The New York Times is establishing a two-year fellowship in the name of David Carr, the media columnist who died unexpectedly in February.
The news organization announced the program and started accepting applications for it on Monday morning.
"This fellowship honors his commitment to mentoring talented young journalists and his unwavering belief in the future of the profession," The Times said.
Carr was a larger-than-life figure in the Times newsroom and a legendary mentor. I can say that from firsthand experience, having worked with him for several years.
When Carr died -- he collapsed in the newsroom on February 12 -- those of us who benefited from his teaching marveled at how he found the time to nurture so many young journalists.
The fellowship seeks to be an extension of that spirit -- it will lift up one promising candidate and immerse them in The Times newsroom.
Dean Baquet, the executive editor of The Times, recalled that the fellowship idea originated with Sam Dolnick, an associate editor, and said it's been widely embraced by staffers.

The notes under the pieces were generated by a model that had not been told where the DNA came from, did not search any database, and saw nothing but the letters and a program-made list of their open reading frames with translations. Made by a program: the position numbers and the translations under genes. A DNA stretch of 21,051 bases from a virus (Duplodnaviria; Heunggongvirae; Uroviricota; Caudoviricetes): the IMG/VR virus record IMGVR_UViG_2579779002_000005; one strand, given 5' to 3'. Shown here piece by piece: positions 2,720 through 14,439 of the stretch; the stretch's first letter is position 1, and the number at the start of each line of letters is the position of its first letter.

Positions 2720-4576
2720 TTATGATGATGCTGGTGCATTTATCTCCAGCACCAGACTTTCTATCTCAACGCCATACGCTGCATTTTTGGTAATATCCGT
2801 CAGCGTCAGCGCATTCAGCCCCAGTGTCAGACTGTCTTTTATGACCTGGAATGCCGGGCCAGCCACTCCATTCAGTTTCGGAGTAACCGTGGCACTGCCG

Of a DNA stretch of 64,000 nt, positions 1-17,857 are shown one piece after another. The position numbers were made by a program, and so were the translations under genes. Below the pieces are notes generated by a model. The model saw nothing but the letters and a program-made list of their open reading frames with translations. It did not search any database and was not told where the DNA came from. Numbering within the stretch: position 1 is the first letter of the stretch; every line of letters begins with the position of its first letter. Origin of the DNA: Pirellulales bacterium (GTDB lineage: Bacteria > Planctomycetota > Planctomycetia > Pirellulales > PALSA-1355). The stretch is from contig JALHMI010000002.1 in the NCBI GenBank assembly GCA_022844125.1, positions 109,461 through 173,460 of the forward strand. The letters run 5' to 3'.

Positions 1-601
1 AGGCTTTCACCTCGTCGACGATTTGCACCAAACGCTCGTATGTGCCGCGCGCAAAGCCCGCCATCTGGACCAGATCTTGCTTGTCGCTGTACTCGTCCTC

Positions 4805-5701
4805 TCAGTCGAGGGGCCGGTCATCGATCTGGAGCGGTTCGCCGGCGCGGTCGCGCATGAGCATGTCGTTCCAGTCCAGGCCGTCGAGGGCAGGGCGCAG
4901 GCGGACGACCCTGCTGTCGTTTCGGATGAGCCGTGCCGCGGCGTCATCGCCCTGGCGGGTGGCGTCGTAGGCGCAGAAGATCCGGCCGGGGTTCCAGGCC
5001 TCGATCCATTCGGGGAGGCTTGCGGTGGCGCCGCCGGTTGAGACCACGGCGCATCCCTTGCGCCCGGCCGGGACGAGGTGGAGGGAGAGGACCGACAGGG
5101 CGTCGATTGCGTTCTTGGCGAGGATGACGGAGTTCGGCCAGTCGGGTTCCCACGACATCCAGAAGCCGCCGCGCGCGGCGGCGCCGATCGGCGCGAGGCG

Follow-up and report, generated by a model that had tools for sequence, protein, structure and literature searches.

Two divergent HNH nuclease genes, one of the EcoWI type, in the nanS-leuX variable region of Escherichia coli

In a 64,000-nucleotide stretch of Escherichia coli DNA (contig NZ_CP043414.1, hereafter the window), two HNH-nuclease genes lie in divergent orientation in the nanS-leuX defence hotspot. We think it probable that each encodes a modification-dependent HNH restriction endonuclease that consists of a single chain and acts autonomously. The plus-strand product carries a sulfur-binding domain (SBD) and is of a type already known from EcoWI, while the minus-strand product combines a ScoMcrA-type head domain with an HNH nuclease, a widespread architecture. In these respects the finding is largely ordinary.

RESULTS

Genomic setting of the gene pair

The fellow will be "covering the intersection of technology, media and culture," according to The Times, in concert with the newspaper's media desk (which, continuing my full disclosure here, is where I worked during my six years at the paper).
The exact form of the job will depend on the person selected. It could be a daily news beat, more feature-focused, video-focused or investigative in nature.
The Times did not specify the salary but called it a "competitive compensation package."
Baquet said The Times has no other fellowship program like this one.
Applications will be accepted until November 14, with an eye toward choosing a fellow in time to start work in early 2016.
Carr's widely-read media column was the backbone of the newspaper's business section on Mondays.
The Times has yet to hire a new media columnist. A search has been underway for several months, and Baquet said a decision is now a matter of weeks away.